The Legislature finds and declares that:
(1) The vast majority of West Virginians have pursued a goal of owning a home, a center of family life and family independence deeply cherished and highly valued.
(2) In many parts of the state there is a large number of single-family residential units that cannot presently be marketed because of high interest rates and adverse economic conditions, or because of having been declared to be a federal disaster area by the Federal Emergency Management Agency.
(3) In addition, the state and its inhabitants are suffering high unemployment and low income because of the depressed state of the housing market and because of its inability to attract new business. This situation adversely affects potential home buyers, home builders, skilled craftsmen, realtors and their employees and other citizens. These conditions also reduce state revenues and frustrate the laudable aspirations of many West Virginians to enjoy the pleasures of home ownership and pursue productive employment, or because of having been declared to be a federal disaster area by the Federal Emergency Management Agency.
(4) By the cooperative efforts of our citizens there is a large pool of resources held in trust by the state for the sole benefit of West Virginians, including funds reserved for workers injured in the course of employment.
(5) Some of these funds, particularly the workers' compensation fund, are invested under the actuarial assumption of a yield less than that of current market investments. Yet the current yield on some of these funds, and particularly the workers' compensation fund, is lower than the actuarially assumed interest rate, and has been for at least three years.
(6) The common good does not require that all of these funds be invested so as to yield the very highest investment return offered in the market, especially when the current rate of market interest is:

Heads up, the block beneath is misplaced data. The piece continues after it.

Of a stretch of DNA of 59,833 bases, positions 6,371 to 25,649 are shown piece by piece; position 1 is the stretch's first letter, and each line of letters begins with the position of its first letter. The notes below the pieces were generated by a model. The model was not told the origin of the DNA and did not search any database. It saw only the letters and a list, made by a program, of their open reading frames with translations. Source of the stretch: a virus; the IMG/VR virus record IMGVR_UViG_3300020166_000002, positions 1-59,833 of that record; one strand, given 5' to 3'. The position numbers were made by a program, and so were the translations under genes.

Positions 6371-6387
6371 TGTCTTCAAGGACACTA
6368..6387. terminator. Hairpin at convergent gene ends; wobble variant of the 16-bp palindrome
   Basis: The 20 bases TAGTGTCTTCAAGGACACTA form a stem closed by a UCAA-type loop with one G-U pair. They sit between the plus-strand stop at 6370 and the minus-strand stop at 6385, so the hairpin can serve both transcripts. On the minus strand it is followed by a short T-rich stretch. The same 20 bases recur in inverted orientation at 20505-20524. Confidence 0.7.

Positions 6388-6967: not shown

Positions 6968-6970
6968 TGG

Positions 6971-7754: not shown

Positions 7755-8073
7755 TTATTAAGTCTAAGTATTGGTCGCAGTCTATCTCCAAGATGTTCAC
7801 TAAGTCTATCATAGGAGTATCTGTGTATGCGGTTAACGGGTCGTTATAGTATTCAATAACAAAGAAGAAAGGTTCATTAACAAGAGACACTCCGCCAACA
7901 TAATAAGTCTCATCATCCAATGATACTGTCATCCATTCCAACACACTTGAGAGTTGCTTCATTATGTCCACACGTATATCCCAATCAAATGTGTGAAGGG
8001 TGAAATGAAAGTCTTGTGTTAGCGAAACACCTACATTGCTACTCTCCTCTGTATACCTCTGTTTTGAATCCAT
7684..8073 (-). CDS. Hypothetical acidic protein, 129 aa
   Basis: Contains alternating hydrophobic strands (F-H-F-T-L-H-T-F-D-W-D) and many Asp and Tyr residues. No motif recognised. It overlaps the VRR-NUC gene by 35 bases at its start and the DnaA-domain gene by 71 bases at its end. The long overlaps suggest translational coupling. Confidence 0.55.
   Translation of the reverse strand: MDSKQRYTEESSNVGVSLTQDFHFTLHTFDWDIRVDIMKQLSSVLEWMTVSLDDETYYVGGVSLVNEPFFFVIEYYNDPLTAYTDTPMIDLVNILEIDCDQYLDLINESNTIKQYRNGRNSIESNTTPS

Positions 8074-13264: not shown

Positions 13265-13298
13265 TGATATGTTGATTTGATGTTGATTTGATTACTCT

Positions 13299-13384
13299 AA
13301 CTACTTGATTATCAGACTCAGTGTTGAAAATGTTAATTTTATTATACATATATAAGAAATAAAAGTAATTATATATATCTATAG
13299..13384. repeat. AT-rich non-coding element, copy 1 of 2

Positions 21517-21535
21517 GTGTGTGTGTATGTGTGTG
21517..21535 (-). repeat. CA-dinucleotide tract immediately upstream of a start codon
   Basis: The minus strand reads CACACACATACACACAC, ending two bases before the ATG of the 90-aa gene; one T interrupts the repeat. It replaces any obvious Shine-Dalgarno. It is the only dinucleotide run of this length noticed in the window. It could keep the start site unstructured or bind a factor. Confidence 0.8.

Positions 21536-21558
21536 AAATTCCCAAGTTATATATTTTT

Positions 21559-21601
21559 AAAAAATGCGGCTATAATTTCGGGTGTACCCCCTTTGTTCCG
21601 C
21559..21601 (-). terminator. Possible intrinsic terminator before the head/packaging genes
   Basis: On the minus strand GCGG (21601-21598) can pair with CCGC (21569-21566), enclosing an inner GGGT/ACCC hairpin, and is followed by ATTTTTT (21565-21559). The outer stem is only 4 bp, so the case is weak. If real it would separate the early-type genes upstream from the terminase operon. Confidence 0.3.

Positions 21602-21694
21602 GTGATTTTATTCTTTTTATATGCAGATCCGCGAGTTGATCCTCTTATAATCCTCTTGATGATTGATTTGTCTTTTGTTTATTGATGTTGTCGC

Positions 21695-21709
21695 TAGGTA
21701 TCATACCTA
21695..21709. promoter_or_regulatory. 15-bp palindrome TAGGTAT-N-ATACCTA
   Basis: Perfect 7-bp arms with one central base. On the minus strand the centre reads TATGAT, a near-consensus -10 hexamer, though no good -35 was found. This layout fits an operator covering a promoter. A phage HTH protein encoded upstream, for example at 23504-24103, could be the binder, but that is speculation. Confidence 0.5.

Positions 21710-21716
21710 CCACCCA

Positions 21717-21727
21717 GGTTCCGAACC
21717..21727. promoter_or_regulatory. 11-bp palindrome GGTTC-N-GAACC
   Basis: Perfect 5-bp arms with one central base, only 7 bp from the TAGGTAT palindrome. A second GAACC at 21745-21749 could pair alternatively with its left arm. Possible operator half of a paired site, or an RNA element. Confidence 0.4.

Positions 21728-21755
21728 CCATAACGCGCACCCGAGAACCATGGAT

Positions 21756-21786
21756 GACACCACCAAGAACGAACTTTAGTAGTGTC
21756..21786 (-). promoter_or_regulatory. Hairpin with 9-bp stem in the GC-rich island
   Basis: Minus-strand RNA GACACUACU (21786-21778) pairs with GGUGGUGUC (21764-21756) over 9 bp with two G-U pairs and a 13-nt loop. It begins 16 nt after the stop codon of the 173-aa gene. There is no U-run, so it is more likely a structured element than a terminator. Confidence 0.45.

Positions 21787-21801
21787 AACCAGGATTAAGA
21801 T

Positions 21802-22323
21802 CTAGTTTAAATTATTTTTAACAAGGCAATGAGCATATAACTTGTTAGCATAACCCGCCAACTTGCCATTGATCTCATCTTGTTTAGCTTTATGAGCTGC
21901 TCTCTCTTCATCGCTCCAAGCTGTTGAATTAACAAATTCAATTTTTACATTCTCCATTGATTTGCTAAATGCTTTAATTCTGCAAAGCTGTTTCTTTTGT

(a) So high that it stifles the legitimate aspirations and attainable dreams of so many West Virginians and West Virginia businesses; and
(b) So high that it encourages the flight of capital accumulated by West Virginians for the benefit of West Virginians to national markets where the only consideration is the highest rate of return.
(7) In these circumstances, prudence does not require that the state board of investments seek the highest rate of return on all investments. Rather, prudence requires that in investing federally tax-free funds the state board of investments should seek a rate of return commensurate with its public charter. Furthermore, prudence demands that the board immediately seek fiscally sound investments within the state of West Virginia which offer sound security and directly serve the hopes and aspirations in housing and employment of the inhabitants of this state.
(8) The survival and renewal of a vibrant market for single- family residential units and the opportunity to attract new businesses to the state is a sound and preferred investment for the resources held in trust by this state for its citizens. Such investments deserve precedence and encouragement, even at the expense of foregoing the highest rate of investment return, an investment return which the tax paying investor might gain in the current market place but which prudence dictates that the state board of investments need not pursue.
(9) The success of the undertakings required by this article will be amply demonstrated by: (a) The increased financial stability of the state, (b) the contribution which will occur when the dreams of hundreds of West Virginians are realized, (c) the intrinsic worth of enhancing the cooperative spirit of the inhabitants of this state in employment and housing, and (d) the enhancement of revenue to the state which will be generated by the commerce West Virginia seeks to stimulate. In addition, the rate of return realized by these funds will be at least as high as the actuarial assumptions, and, given the rates of return demonstrated over the past three years, probably higher than the current rate of return.